Premier says government finances looking up

The Cayman Islands ended the midway point of its current
budget year with an $18 million overall operating surplus, according to
unaudited figures presented by Premier McKeeva Bush last week.

The Premier, echoing comments made by Governor Duncan
Taylor earlier in the day on Wednesday, was hedging his bets on ending the year
with an operating surplus. But he said the news thus far in the 2010/11 fiscal
year was extremely positive for the Cayman Islands.

“The solid performance of the government and the rest of
the public sector in the first six months may not necessarily continue at the
same rate in the last six months of the financial year,” Mr. Bush said in a
broacast
address on Wednesday.

The government’s
budget year runs from 1 July to 30 June of the following year. Typically,
Cayman takes in the majority of its revenues from tourism and the financial
services industry between January and April each year.

According to the
Premier, both the central government service and statutory authorities ended
December with overall operating services, meaning the entities took in more
money than they spent in the period between July and December.

Mr. Bush said total
central government operating revenues for the six months were $267 million, an
improvement of $12 million from what was initially budgeted for
the period.

Operating expenses
for central government were $236 million, a decrease of $17 million from
initially budgeted spending, leaving government about $29 million to the good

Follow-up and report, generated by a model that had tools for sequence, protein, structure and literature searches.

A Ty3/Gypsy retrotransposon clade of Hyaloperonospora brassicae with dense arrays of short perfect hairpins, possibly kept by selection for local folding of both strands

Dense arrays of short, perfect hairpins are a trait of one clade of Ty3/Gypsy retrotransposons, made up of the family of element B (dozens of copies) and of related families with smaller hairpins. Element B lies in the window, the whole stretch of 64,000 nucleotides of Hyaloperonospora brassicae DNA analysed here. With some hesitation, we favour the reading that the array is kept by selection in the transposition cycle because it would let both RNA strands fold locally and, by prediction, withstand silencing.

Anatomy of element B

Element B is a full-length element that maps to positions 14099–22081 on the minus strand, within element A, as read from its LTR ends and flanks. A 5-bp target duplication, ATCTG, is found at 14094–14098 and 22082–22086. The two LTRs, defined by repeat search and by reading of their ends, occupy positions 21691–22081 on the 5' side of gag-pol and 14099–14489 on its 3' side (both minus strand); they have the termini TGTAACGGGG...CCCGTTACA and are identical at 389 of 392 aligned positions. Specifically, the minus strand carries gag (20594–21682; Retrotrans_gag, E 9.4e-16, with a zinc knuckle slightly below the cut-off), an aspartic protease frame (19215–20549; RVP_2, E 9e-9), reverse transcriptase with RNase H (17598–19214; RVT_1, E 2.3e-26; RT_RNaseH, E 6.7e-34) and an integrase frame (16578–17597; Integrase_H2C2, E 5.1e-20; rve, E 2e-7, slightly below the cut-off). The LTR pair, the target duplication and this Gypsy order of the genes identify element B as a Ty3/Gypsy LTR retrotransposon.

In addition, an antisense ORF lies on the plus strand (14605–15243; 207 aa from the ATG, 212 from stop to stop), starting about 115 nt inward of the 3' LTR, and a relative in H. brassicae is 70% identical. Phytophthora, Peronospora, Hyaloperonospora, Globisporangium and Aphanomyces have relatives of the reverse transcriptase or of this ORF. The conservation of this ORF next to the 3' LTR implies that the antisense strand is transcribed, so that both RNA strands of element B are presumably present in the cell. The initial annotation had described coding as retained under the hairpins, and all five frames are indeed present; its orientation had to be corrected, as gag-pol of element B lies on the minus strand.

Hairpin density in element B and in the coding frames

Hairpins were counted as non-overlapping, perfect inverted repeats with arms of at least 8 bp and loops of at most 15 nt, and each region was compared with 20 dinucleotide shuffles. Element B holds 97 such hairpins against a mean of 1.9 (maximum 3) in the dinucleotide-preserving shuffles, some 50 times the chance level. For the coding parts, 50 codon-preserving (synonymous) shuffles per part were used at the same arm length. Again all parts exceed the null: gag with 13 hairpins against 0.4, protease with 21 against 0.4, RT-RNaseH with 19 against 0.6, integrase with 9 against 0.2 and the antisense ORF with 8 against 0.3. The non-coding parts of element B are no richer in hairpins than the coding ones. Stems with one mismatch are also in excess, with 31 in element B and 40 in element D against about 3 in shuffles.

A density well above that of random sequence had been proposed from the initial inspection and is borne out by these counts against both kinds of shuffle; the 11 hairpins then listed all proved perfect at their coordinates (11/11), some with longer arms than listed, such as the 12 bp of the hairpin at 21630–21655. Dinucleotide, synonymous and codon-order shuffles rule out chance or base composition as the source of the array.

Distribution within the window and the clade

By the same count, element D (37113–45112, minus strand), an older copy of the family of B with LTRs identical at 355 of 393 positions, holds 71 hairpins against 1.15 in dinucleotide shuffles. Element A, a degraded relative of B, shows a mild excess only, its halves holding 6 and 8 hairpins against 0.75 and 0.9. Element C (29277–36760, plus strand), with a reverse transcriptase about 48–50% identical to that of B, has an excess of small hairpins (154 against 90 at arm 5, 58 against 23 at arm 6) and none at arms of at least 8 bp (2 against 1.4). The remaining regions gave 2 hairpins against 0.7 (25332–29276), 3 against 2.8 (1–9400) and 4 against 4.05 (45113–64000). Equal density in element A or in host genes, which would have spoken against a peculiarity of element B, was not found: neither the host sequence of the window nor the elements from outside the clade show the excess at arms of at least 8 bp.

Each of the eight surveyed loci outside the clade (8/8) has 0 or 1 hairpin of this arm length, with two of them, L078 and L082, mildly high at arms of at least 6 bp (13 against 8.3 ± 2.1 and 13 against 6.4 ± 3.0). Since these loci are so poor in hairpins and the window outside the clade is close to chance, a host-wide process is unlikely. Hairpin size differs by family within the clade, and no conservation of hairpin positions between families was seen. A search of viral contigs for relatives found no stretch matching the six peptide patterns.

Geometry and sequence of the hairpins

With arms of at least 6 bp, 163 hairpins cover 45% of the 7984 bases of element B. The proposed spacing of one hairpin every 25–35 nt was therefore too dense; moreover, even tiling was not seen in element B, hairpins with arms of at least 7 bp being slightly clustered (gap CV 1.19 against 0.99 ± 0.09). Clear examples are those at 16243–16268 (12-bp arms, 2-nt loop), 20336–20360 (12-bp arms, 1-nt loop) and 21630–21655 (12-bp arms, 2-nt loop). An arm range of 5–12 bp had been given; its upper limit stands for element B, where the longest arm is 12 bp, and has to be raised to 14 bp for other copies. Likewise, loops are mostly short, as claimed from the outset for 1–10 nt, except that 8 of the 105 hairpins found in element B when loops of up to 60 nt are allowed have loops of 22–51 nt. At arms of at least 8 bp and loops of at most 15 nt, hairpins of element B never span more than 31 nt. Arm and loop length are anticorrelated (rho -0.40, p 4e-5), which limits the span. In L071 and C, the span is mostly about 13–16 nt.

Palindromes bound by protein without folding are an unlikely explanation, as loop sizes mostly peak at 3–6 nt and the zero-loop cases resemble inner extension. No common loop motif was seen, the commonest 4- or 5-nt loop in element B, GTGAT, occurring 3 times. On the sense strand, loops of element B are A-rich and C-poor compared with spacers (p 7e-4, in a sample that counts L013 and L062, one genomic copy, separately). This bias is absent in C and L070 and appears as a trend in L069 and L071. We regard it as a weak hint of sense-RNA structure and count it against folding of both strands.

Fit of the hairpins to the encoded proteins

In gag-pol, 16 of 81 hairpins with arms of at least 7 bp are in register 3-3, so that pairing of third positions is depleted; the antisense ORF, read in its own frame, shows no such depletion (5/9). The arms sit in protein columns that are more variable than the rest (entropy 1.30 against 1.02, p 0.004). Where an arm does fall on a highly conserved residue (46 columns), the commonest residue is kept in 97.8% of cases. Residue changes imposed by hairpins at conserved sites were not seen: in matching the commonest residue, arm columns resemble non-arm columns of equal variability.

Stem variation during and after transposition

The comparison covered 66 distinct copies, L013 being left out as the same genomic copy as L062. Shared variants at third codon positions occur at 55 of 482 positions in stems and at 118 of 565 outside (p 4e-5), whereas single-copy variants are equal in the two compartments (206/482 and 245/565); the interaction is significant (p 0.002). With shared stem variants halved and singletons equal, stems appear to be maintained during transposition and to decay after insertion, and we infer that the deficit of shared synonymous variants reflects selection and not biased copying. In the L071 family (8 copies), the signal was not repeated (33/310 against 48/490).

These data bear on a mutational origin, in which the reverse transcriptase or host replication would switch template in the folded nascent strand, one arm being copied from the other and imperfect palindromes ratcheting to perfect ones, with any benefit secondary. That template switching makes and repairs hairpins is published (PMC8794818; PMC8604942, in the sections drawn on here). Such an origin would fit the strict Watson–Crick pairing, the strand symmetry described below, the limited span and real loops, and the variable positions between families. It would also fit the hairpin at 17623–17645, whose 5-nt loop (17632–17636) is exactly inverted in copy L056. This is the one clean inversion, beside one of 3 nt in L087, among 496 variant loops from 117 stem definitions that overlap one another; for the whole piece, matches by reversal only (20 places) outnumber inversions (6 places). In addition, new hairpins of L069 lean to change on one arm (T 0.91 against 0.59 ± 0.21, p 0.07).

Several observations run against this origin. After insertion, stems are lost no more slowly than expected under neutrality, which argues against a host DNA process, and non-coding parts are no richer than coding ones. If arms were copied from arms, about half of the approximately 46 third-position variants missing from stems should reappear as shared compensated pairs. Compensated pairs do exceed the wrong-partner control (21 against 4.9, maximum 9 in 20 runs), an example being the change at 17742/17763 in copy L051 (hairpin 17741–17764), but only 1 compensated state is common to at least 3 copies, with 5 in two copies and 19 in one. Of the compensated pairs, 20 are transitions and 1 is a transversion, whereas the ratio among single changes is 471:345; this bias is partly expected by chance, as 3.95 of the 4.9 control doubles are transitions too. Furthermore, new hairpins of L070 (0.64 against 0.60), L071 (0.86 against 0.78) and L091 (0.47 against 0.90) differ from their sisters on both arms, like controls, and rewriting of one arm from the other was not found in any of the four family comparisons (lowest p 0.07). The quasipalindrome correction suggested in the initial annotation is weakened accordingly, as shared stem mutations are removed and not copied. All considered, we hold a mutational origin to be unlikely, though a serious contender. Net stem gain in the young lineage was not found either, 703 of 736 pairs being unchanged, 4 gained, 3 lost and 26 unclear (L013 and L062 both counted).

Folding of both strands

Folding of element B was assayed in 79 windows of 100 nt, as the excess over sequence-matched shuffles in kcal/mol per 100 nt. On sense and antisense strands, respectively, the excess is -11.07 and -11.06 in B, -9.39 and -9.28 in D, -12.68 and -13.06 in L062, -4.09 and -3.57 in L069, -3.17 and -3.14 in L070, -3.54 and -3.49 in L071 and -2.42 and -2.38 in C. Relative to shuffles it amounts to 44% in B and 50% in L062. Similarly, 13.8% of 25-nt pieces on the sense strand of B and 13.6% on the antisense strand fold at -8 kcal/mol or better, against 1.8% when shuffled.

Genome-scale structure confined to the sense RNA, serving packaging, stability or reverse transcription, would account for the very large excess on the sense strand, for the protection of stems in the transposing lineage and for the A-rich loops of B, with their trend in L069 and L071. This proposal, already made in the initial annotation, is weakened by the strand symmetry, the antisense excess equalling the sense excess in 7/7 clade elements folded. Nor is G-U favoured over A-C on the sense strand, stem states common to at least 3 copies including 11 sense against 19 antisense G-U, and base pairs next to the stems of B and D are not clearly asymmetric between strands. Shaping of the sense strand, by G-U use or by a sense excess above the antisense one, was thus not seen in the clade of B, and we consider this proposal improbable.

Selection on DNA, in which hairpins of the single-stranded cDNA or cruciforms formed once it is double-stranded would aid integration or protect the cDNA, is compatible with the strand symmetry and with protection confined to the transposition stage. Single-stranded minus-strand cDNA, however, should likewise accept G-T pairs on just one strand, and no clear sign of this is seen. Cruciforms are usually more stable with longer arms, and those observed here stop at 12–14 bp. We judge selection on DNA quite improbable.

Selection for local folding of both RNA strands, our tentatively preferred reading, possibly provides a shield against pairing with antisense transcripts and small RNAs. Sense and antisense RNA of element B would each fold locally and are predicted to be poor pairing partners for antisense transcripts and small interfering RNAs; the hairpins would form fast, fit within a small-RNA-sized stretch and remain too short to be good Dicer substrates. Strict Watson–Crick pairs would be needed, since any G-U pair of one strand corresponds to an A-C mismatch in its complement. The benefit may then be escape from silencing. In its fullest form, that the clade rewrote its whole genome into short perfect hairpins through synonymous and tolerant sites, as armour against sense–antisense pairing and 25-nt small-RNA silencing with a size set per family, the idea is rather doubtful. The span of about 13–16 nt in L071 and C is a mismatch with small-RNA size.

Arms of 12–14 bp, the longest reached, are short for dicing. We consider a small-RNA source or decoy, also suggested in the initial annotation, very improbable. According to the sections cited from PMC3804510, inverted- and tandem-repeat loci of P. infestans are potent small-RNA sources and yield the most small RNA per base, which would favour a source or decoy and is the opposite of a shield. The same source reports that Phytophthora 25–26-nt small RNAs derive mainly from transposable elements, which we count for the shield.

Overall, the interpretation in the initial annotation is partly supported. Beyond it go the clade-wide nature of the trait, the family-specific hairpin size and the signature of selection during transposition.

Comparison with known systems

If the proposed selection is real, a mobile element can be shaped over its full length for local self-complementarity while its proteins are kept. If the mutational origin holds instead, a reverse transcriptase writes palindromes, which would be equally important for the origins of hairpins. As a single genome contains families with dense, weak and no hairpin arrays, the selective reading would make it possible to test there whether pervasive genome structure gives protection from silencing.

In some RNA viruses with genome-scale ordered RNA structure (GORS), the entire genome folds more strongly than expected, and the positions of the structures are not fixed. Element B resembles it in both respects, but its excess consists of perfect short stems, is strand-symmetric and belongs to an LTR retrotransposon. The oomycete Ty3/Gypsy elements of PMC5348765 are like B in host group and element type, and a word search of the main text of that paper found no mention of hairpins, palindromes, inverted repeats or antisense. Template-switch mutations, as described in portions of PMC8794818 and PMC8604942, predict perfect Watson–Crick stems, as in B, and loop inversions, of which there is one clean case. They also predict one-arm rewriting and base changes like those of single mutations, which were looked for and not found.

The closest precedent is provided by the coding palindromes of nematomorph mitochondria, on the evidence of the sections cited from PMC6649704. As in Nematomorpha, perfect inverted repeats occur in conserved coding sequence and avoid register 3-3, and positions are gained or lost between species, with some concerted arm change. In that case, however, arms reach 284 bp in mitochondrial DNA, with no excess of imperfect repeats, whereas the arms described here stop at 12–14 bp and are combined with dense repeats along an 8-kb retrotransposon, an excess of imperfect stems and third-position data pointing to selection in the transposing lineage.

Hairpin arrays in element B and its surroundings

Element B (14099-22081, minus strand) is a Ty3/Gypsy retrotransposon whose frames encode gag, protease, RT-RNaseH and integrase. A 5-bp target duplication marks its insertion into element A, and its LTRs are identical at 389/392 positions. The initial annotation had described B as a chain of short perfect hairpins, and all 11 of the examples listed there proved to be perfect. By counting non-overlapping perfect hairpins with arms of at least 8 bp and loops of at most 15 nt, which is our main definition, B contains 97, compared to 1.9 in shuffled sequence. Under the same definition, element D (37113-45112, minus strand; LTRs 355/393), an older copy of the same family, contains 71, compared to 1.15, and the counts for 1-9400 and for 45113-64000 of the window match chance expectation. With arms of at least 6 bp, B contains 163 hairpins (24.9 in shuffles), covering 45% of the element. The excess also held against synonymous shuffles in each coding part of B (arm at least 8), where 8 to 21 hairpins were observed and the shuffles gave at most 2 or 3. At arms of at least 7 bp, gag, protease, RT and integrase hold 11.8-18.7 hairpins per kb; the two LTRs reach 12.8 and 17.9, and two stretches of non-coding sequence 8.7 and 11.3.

when it comes to central operations.

The net operating
surplus of all statutory authorities and government companies was about $1
million, the Premier said.

Financing expenses
for government- what it has to pay to settle current debts – cost about $14
million through first half of the financial year.

Central government itself had an unaudited surplus
for the half-year of $17 million which was significantly better than the
expected deficit for the half-year of $14 million dollars,” the Premier said.

Overall, Cayman’s public
sector – including statutory authorities and government companies – came out
with $18 million to spare, rather than the deficit which was initially
forecast.

“These very
encouraging results did not happen by chance,” Mr. Bush said. “The expenditure
results…are a direct result of a conscious effort being taken across government
and supported by the wider public sector to restrain expenditures without
jeopardising the quantity or quality of services offered to the public.”

Mr. Bush said the
good performance over the first half of the year may mean the Cayman Islands
government would have to borrow less than the $155 million it was allowed by
the United Kingdom. He said the government would continue to attempt to
minimise
borrowing expenses.

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